Florida Capitol. Located directly behind the Historic Capitol, Florida’s contemporary Capitol is a bit of an eyesore. What it lacks in beauty, however, it makes up for in height. After passing through a security checkpoint, we found an elevator and zipped up to the 22nd floor to get a panoramic view of Tallahassee. Taking a break from overlooking the scene below, we laughed at the colorful black and white photos framed on the walls showing a wide variety of Florida’s finest.

Florida State University. We didn’t have much time to see FSU, but we liked what we saw. Stone buildings and tropical plants dominated our walk, as did the knowing looks of students that sensed we were out-of-towners.

Pitaria. We found the Greek food at Pitaria to be a suitable meal. It’s rear parking lot looked dingy, but the restaurant itself was very bright and spacious, with plenty of FSU students inside. We could understand the popularity of Pitaria when we gobbled up our vegetarian pitas and pita fries in delicious tahini sauce.

Goodies. For a light lunch in the center of town, Goodies served delicious sandwiches and soups for a low price. We recommend the Zebra sandwich on pumpernickel, with cheese and fresh vegetables.


Museum of Florida History. This state-sponsored museum proved to be uneventful, motivating us to walk through its underground exhibits quickly. Although the museum presented us with a bounty of information about Florida, the lackluster presentation and the warehouse atmosphere failed to capture our interest.

Lasting Impressions

We experienced some difficulty filling our time in Tallahassee. Strolling around the downtown was definitely the highlight of our stay, something that can easily be accomplished in one day.


Parks. Regrettably, we found the recreational parks to be unreliable, as we encountered a disconnect between the information online and over the phone. When we arrived at one park, we observed that the area was in an unsafe part of town. Despite our best efforts, they just did not work out for us.

Challenger. Although the Challenger Learning Center looked impressive, we were deterred by the price, and opted to walk around outside instead.

Saturday, March 5, 2011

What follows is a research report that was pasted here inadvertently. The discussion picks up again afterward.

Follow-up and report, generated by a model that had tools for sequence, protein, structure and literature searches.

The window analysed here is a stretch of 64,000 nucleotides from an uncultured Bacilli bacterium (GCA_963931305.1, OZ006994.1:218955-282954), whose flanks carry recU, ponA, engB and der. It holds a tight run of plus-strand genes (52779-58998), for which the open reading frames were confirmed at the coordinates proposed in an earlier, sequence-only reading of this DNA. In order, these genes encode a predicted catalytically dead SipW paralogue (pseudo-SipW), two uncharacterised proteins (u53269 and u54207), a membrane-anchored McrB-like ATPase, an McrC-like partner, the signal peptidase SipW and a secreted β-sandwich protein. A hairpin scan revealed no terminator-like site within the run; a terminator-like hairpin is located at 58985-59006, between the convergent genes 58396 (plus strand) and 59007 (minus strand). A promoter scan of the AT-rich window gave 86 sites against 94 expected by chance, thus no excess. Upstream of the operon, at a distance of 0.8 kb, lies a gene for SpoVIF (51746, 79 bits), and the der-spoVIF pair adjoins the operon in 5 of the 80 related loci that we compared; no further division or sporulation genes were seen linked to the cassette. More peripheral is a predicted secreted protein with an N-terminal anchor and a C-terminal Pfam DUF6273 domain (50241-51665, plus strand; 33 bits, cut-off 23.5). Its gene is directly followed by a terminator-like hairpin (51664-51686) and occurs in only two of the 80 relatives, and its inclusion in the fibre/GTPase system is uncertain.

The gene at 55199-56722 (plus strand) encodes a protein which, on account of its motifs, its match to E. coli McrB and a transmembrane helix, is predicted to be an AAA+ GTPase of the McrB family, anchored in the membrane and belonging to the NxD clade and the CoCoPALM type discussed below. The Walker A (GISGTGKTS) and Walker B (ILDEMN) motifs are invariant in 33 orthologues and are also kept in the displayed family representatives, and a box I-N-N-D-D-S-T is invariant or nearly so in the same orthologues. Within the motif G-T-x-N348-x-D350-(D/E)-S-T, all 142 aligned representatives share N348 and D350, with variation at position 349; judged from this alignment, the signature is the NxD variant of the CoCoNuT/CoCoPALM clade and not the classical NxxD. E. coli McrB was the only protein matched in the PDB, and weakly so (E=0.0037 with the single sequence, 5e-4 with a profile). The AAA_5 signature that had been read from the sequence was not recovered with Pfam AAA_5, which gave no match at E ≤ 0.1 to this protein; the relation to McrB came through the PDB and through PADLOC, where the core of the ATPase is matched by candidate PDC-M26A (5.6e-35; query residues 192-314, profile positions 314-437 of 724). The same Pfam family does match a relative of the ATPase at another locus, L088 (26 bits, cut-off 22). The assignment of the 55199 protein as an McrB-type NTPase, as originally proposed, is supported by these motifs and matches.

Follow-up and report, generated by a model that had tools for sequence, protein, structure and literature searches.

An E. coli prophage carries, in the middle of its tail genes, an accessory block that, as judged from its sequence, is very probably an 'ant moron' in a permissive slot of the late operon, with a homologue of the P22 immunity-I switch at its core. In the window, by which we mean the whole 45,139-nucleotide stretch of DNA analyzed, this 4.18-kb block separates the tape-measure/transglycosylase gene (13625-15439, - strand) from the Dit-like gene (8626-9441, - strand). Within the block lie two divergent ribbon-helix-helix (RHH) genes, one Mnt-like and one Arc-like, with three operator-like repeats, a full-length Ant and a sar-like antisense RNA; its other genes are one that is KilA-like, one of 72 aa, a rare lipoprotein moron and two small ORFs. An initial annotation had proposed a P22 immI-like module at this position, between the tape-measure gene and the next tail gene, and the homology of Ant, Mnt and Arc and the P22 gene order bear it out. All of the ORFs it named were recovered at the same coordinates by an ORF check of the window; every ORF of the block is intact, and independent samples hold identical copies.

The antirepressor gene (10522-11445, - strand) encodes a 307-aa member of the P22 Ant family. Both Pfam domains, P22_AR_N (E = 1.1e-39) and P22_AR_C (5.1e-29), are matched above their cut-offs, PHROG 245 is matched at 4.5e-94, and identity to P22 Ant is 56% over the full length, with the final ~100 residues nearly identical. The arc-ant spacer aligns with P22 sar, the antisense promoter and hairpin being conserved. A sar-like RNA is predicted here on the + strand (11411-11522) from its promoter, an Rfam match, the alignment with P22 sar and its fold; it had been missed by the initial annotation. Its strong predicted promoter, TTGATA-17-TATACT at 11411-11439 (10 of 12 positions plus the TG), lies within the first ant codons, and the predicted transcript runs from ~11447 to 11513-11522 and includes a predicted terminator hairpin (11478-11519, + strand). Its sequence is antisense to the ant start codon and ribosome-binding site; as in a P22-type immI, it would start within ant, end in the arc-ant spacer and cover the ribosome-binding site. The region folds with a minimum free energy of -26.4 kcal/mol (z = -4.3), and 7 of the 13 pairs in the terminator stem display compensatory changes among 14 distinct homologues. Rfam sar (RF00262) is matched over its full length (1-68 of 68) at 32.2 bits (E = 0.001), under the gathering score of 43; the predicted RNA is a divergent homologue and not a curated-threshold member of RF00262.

Savannah, Georgia

First Impressions

Spanish Moss. Upon driving into the city, we were struck immediately by the cascades of Spanish moss that poured from the overhanging branches. Creating a hauntingly beautiful canopy, the moss perfectly complements the ghostly atmosphere on which much of Savannah’s tourism relies.

Squares. Twenty-one squares comprise the area directly south of downtown. Walking through some of the squares, we noticed in each one a central war memorial surrounded by greenery and park benches. The well-laid squares leading into the gridded structure of downtown made the entire area easily navigable.

Restoration. Strolling through the historic downtown, we were charmed by the old city feel that the restoration had created for us. However, we avoided wandering through the dark and sparsely populated streets that ran toward the river, which lacked the needed renovations. Leading away from the main city attractions, we noticed ramshackle buildings on the immediate outskirts of downtown.


Forsythe Park. Besides a few tennis courts and a large white stage halfway up the park, we didn’t find much to do besides sunbathing in the open greens or seeking refuge in the shade underneath the tall trees. Having said that, we enjoyed people-watching and picture-taking as a way to take a break from the touristy parts of downtown.

City Market. While most of Savannah’s squares are green, City Market is paved in cobblestone and lined with restaurants and shops. On our first night, we found a spirited atmosphere created by outdoor dining and live music. During the daytime, we entertained ourselves by sampling some free pralines in the candy store and popping into the tourist shops.